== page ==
It all started with the T-shirt below, which exhibits a feminist appropriation of an Ayn Rand quote. Big news! Détournement! Or is it? It seems that the original phrasing was twisted a little — edited, if you will — into the form you see on the shirt. The words on the shirt, in other words, are not the words in the book. The quotation on the T-shirt is a misquotation.
But any curmudgeon can hurl a list of misquotations at the reading public. Instead, we’ve decided to gather a list of items featuring misquotations that you can buy right now, just in time to round out your misquotation wardrobe or library this holiday season.
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Last week, my heroes at Shout Factory unleashed The Marx Brothers TV Collection, a comprehensive, three-disc set that’s like Christmas come early for us “Marxists.” Among its many pleasures — variety show guest shots, dramatic turns on anthology series, appearances on celebrity golf and poker shows (yes, they had those back then) — is the set’s crown jewel: the obscure, final appearance of the three brothers together, on an episode of The General Electric Theater. Inspired by this find, we take a look at some of the other long-lost or long-forgotten television turns by Hollywood legends.
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Hollywood lost one of its last lions yesterday, as the legendary Lauren Bacall died at 89. She had a long and storied career, performing on film, radio, stage, and television, but America first knew her as the whisky-voiced marvel who taught Humphrey Bogart how to whistle. Bacall and Bogart were just one of the many Hollywood couples whose onscreen relationship became an off-screen one; let’s take a look at their famous pairing, and those of a few more great movie couples who kept their chemistry going off the set.
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Lauren Bacall, the legendary actress and one of the last living icons from Hollywood’s classic era, died yesterday in… Read More
Forty years ago this week, Jack Nicholson redefined cool, Faye Dunaway redefined icy, and director Roman Polanski and screenwriter Robert Towne redefined film noir with the masterful detective thriller Chinatown. It isn’t just that the period drama boasts terrific performances, crackerjack cinematography, and all the period bells and whistles; it’s also a mighty good mystery, offering twists and turns that blindside the first-time viewer. And isn’t that what really great mystery movies are all… Read More
In 1991, following his brilliant The Thin Blue Line, director Errol Morris attempted something even harder than getting an innocent man off Death Row: making Stephen Hawking’s A Brief History of Time into an accessible, audience-friendly, major motion picture. The resulting film is, at long last, available on DVD and Blu-ray via Criterion. It’s awfully good — though its in-depth discussions of quantum mechanics and black holes and the Big Bang are bound to make those of us who nodded off in science class feel a bit out of our element. Then again, some movies, with their convoluted storylines or surrealistic imagery or intellectual subject matter, have the unintended side effect of merely spotlighting our intellectual shortcomings. Here are a few others that made us feel just a little… Read More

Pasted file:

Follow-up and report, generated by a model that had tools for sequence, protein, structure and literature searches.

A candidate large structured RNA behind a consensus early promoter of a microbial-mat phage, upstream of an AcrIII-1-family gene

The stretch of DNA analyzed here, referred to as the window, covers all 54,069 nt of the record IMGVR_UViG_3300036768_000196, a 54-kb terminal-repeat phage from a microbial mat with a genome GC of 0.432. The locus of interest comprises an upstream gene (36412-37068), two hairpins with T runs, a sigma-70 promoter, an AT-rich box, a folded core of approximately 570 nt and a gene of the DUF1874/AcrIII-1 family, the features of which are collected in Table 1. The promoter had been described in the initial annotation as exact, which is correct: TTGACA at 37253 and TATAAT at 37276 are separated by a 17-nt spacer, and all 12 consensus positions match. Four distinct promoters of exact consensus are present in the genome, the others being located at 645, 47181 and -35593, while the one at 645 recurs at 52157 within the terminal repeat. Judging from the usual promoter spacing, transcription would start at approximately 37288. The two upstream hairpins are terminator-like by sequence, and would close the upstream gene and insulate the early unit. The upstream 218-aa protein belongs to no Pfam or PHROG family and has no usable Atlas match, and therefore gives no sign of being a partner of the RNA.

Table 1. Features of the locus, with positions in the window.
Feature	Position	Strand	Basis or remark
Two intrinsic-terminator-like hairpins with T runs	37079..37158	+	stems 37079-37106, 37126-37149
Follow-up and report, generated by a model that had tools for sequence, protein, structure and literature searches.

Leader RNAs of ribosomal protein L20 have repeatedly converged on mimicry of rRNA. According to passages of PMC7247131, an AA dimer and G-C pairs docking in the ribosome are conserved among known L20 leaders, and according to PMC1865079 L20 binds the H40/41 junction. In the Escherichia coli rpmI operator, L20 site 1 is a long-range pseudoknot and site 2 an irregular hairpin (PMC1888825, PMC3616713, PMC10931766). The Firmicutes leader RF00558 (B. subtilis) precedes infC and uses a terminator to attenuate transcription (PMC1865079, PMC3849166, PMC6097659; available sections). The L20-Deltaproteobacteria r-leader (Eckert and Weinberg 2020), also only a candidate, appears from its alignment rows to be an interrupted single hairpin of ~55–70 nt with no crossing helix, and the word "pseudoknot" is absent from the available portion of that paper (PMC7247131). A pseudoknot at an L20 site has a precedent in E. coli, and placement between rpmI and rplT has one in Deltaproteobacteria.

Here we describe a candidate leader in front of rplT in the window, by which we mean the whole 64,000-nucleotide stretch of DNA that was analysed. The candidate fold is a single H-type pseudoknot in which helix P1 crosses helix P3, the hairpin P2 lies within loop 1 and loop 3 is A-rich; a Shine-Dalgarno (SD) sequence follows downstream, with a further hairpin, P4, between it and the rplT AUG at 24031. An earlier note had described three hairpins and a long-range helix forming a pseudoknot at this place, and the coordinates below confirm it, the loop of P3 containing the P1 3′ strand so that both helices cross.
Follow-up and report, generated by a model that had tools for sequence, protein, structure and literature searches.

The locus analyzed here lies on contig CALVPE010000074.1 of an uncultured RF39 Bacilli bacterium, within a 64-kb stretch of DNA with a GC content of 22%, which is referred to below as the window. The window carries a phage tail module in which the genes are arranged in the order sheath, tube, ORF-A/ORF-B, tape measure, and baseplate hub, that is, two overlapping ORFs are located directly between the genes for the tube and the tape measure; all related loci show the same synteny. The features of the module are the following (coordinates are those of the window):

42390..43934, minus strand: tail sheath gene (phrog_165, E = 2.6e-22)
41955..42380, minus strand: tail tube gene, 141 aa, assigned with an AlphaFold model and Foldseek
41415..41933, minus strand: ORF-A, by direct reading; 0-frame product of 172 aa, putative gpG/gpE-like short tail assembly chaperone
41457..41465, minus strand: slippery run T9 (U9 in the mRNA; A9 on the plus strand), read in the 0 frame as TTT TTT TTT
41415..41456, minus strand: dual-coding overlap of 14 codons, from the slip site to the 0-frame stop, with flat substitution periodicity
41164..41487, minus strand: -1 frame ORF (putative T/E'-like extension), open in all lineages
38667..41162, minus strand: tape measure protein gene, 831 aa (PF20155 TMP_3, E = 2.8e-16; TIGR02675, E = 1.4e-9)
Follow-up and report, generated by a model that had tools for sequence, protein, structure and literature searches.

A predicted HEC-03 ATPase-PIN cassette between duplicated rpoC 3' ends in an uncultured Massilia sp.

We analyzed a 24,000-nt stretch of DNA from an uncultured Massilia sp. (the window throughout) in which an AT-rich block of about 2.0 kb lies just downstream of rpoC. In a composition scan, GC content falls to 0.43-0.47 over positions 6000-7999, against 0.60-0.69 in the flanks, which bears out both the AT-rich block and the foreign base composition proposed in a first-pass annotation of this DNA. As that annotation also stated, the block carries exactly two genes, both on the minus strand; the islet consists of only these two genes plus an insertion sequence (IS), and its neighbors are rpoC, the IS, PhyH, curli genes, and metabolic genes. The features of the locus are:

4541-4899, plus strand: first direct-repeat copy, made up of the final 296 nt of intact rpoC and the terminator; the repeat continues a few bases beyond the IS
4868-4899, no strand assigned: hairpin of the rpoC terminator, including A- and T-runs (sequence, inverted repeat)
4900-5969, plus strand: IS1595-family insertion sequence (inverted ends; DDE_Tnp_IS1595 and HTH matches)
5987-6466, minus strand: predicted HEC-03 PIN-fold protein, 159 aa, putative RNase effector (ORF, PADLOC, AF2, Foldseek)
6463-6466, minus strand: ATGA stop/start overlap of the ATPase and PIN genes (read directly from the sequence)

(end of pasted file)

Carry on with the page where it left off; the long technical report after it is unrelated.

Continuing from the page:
Last month, this site took a look at the entirety of cinematic history and cooked up a ranking of the 50 best villains of all time. In honor of this week’s release of Man of Steel, the natural follow-up would seem to be a list of the best heroes — except, ugh, how boring are heroes? They can’t hold a candle to the villains, the supporting goons, or (especially) the antiheroes. The latter is usually defined as a protagonist with no heroic virtues or qualities, but that definition can get a little blurry; some would consider characters that are treated as heroes but have a few unlikable or unpopular qualities (like Han Solo, Dirty Harry Callahan, or Snake Plissken). But a true antihero is made of darker stuff than that. Here are a few examples — well, 50, to be… Read More
Later this month, Warner Brothers is releasing The Ultimate Gangsters Collection: Classics, which gathers four of the finest films from the Golden Age of the Gangster movie in crisp, new Blu-ray editions. These days, when we think of the gangster picture, we tend to focus on modern favorites like The Godfather and GoodFellas, but those films are descended from a rich heritage of tough, smart, timely pictures from the 1930s and 1940s. As you can see from this month’s ever so helpful Beginner’s Guide, the influence of those films has resonated for decades, from Cagney and Bogart to DeNiro and Pacino.
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